The Green Lab & 241 Hokkaido Trip film can be credited to 328studios, Niseko Films, and Shunsuke Takama. All of the voices you will hear in this snowboarding video are Japanese (which gives this film a special designation on our list).

This is more of a classic younger-guy’s “boardsports” video (sort of the snowboarding equivalent of Long Story Short). Their ‘Hokkaido Trip’ brings some footage of first tracks down super-steep treeless slopes that appear to be “blurry,” but only because it was snowing so hard when the footage was shot.

Once again we’d like to acknowledge that our list is almost entirely films produced by foreigners. There must be some excellent examples of Japanese filmmakers, and as you have examples of those films please contact us, and we’ll add them to this list.

Wabi Sabi (2020)

Wabi Sabi is one of several films by Charlie Wood, starring himself (pre-dislocated shoulder), his partner in crime Henry Johnson, as well as a few friends. The title refers to a state of being that is “imperfect, impermanent, and incomplete” in nature. We’ll leave it to Charlie to say why those words might fit with his film, but for our part, Wabi Sabi was an instant favorite in this collection of Hokkaido snowboard adventure films.

If you were in Niseko, Hokkaido this winter, you may have seen a quirky cabin on wheels touring around the neighborhood. This microabode built on top of a Japanese kei truck belongs to handyman Henry Johnson and filmmaker Charlie Wood, two snowboarders united through their love for Hokkaido’s powder.
— Rie Miyoshi, from OutdoorJapan.com

While there is something simple, honest, and straightforward about Charlie’s production, there is also some beautiful videography. Torin Barnes contributes lots of arial footage (from Niseko, but obviously beyond as well), and their little rig pulled off some top-shelf production value. Gorgeous views of Hokkaido.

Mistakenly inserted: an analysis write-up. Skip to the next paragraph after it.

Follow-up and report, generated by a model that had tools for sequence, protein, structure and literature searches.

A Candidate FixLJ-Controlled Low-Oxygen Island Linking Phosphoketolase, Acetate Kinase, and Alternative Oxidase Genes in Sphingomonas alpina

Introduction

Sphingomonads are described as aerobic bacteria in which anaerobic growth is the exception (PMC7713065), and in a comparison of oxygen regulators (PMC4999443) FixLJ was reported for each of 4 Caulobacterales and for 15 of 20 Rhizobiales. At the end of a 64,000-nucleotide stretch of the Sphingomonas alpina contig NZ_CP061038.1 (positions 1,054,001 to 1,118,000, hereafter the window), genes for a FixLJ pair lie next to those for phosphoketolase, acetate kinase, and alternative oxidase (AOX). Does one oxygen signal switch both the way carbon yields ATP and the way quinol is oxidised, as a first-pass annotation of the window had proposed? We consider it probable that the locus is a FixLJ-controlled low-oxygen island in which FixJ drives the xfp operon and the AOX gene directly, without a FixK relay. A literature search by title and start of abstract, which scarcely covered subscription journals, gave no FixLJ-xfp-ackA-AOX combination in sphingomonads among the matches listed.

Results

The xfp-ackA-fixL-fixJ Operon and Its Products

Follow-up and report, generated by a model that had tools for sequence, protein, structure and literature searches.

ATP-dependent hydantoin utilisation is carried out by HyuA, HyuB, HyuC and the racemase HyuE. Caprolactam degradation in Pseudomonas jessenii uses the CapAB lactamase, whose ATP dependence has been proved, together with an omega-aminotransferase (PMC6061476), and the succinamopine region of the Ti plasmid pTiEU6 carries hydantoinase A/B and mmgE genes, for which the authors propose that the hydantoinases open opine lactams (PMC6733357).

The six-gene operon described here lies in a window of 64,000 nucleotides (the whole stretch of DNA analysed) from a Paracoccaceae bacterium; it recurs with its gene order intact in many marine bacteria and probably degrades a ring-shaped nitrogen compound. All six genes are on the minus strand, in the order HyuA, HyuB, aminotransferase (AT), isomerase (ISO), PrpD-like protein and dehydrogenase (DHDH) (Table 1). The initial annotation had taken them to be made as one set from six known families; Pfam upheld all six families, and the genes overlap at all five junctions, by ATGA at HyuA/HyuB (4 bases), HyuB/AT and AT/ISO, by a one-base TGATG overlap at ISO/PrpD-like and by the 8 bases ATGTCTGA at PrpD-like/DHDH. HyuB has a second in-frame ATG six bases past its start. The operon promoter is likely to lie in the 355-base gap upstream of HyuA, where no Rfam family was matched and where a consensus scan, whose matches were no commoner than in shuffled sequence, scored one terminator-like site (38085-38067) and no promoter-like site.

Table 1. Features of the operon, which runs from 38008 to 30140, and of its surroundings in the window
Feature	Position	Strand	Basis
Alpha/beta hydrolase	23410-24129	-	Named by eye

I Am Niseko (2021)

In I Am Niseko, Darren Teasdale has produced a film that straddles the line of proper snow adventure and tourist propaganda, but manages to create something artful and worth your attention.

These days it’s just quiet. Really quiet.

If it were possible to tell the story of Niseko in the style of the 1972 classic “I Am Woman” (by Helen Reddy), Darren Teasdale seems to have done it. I Am Niseko is an introspective “Niseko pride” piece, told from the first person, how Niseko might describe itself.

I am board. I am beautiful. I am fun.

This movie uses some truly beautiful cinematography to tell a resurrection story of Niseko, rising from the trouble of the 2020 and 2021 seasons. I am Niseko does feel like a tourism film, but the visuals and the narration carries it though to something more soulful.

The Meaning of Snow (2021)

The Meaning of Snow is a production of Erica Tripp with ES Media. Erica spells out some of the meaning behind the title of her film when she says, “Through snow you see everything; community, culture, adventure, joy.”

I think for me, a Canadian, I started being drawn to the idea of skiing in Japan in the 2010s. There were more and more films showing up in film festivals with ‘Japan’ segments, that were mouthwatering powder segments, and I thought, I have to ski there!
— From our communication with Erica Tripp

In The Meaning of Snow, it’s Erica’s turn to show what so many visitors to Hokkaido have witnessed first-hand: shockingly perfect conditions in which to play, explore, and lose yourself in the best powder on earth.

You’ve all seen them. Mind-bending, powder-snorkeling, best ski videos of Japan.

That is right. And many of those videos are right here on this list.

Karibayama (2023)

We discovered Patagonia’s Karibayama film late in our research. The subtitle of the film is; “A Backyard Ski Adventure in Hokkaido, Japan.” The meaning of the title is about; Kariba, a mountain in southwestern Hokkaido (“yama,” of course, means mountain in Japanese).

The film was directed by Masaki Sekiguchi and credited to ebis films, and is a rare addition to this list in that all the dialog is in Japanese (with English subtitles).

The whole experience meant a lot to us. Walking along the ridgelines, scouting the mountain, exploring the possibilities, traversing and coming down the mountain.

Karibayama is another “Hokkaido adventure” movie; hiking and exploring (and surviving some less than ideal weather) in some terrain in western Hokkaido you won’t see anywhere else. There is a lot of consideration of snow conditions (and presumably avalanches), so much talking and walking and then… wow; like a pencil mark on a sheet of white paper, you see a skier sliding down, leaving a faint but furious trail of powder behind him.

We sampled one quote from the film, that hits hard:

You have to make decisions in the mountains. I go to the mountains because I enjoy the decision-making process.